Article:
“Guy’s wake up, the cops are here” Stef said the next morning while preparing dinner. Moments later he followed it up by “Never mind, I think he just forgot where the new police station is located”. After our hot meal, we stepped on our bikes, went around the corner and unexpectedly found the Albanian border. After observing this new land in a shared silence we received suspicious looks from old men in suits standing roadside and people driving makeshift vehicles. When we stopped at the nearest gas station to resupply our water and gas (for our fuel-stove), the attendant emerged from his car and insisted on handling the pump himself. After asking if we could pay with card, he invited us in his ‘office’; a room with a small table, a chair and a locker. Because, what more should a gas station have than gas?
Reflecting on the luxury we used to live in, we are starting to accept and enjoy the simplicity further from home. We realized the attendant was probably sitting in his car because there he had radio, in his office he did not. We also learned the makeshift vehicles – we call them ‘trikes’ – are common and a very useful transportation method for cabbages, goats and other agricultural products. While Albanian motorists drive recklessly, they tend to their cars meticulously as vehicles represent one’s status. You can not drive 3 kilometers without passing a ‘lavazzah’, a place to give your wheels a good cleanin’, buy spare parts and upgrades. For a decent bike shop on the other hand, you must go all the way to Tirane.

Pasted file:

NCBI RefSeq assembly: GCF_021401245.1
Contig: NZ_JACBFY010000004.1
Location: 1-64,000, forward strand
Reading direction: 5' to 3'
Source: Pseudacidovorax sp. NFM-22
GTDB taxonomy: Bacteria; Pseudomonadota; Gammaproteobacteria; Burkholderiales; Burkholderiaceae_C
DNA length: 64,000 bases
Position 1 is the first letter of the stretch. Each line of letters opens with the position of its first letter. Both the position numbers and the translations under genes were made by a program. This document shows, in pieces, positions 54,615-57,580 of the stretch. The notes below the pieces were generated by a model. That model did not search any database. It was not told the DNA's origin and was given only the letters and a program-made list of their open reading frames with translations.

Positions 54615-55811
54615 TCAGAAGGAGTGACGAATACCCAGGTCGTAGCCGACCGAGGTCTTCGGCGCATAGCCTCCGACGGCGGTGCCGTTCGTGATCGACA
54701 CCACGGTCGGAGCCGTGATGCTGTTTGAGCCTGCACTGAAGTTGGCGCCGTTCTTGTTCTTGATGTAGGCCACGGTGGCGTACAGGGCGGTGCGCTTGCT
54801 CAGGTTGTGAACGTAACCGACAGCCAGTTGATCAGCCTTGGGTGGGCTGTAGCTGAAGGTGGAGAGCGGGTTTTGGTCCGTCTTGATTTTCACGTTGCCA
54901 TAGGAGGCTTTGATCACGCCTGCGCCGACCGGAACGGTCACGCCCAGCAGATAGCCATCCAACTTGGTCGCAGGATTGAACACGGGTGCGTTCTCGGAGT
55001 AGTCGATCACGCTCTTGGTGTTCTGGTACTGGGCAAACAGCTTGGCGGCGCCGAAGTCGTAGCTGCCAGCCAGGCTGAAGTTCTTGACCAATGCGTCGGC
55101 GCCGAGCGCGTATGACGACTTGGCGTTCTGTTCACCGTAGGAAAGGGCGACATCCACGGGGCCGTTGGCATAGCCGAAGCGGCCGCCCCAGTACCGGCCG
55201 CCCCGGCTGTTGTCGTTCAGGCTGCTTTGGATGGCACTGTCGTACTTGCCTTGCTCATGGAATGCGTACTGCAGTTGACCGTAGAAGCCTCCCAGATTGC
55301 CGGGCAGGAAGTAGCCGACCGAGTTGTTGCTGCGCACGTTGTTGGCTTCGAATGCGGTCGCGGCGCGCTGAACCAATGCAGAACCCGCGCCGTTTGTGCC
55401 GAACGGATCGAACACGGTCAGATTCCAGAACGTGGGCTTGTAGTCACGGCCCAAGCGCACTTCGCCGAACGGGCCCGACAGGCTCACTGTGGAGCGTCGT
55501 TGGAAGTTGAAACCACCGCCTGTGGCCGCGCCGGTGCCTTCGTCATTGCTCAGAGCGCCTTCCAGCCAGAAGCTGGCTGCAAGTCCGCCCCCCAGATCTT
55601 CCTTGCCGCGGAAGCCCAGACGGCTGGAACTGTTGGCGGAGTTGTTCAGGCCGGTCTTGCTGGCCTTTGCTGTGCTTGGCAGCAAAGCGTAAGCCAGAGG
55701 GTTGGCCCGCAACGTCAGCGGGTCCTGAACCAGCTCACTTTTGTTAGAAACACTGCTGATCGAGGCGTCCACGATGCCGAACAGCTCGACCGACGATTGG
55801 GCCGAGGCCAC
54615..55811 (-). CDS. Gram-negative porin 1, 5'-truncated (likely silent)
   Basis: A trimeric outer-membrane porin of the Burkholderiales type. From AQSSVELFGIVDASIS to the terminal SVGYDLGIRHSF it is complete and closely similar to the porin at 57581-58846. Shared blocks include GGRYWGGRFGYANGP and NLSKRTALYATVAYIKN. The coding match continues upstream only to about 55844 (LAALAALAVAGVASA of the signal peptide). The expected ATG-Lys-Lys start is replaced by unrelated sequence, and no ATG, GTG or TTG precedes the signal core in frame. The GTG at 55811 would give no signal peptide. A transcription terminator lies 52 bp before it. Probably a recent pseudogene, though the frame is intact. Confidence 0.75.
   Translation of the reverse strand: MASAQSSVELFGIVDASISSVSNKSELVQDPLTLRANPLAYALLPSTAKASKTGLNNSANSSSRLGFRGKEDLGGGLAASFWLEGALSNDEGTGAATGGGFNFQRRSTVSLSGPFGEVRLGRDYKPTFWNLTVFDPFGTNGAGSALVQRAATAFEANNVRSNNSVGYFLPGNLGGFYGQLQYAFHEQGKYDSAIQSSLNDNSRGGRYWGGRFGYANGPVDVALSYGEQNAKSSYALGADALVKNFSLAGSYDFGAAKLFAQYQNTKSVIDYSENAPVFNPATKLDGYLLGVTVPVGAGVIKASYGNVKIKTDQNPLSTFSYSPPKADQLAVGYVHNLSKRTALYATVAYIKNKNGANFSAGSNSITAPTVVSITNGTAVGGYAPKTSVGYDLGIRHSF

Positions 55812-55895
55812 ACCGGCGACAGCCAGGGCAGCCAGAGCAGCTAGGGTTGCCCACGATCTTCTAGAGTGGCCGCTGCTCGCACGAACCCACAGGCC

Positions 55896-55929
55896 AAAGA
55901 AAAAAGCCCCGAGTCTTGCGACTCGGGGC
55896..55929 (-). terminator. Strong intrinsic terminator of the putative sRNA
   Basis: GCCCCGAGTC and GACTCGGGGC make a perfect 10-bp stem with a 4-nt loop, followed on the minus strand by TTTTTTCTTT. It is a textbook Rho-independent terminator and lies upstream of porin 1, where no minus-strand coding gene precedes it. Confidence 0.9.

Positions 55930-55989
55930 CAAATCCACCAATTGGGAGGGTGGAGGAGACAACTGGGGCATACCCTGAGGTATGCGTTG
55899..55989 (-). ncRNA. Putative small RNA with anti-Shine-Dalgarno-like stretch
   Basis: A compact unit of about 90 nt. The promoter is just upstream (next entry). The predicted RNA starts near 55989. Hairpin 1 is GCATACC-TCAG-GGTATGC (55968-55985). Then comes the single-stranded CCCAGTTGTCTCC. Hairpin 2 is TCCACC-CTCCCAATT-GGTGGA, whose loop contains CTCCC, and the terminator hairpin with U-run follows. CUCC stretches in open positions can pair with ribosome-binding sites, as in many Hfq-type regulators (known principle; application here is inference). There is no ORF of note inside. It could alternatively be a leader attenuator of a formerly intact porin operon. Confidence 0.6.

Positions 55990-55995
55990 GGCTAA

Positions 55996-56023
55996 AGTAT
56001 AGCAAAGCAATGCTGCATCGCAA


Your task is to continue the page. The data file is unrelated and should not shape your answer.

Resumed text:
It took some time to appreciate Albanian culture, but the suspicious looks quickly turned into overenthusiastic waving and people shouting at us to catch our attention. The more we started interacting with the local population, the more this country started growing on us. Whenever we stopped, people approached us with their best English. Usually this resulted in a sign language conversation, not wanting to sell anything but out of genuine interest. Instead of pointing you in the right direction, people will walk you all the way to where they think you have to be. This was particularly funny when we found ourselves in Tirane in a street full of bike shops with a local taking us from door to door, explaining what kind of new tire we needed. He also shared our delight when we found a shop that could help us. Having received so much love and joy from the locals, Oli felt he had to reciprocate in some way. Here he parted with his slingshot and bag of marbles by giving it to a city kid, who accepted it with gleaming eyes.
During our months of research we became unsure what to think of Albania. Most information on the internet pointed out that it was a rather unsafe country and one should be ‘cautious when traveling through’. Our second night we were about to set up camp behind an abandoned building, but even then a local by the name of Arlin approached us and said “Don’t sleep here, at night no good people. They take your stuff”. Instead he suggested to sleep around the corner, at his uncle’s place. Here we were received with Turkish coffee and Rakia. Since there was a language barrier, we took out Mr. Flavour Saver and played some tunes which Besim, the uncle, greatly appreciated. To our surprise, we were also woken up with freshly cooked rice and eggs, coffee… and Rakia. To top it all off they sent us off with a lunchbox of grapes, pomegranates, mystery fruit… and, of course, a big bottle of Rakia. Albania was definitely a good choice, as long as you stay out of sight during the night.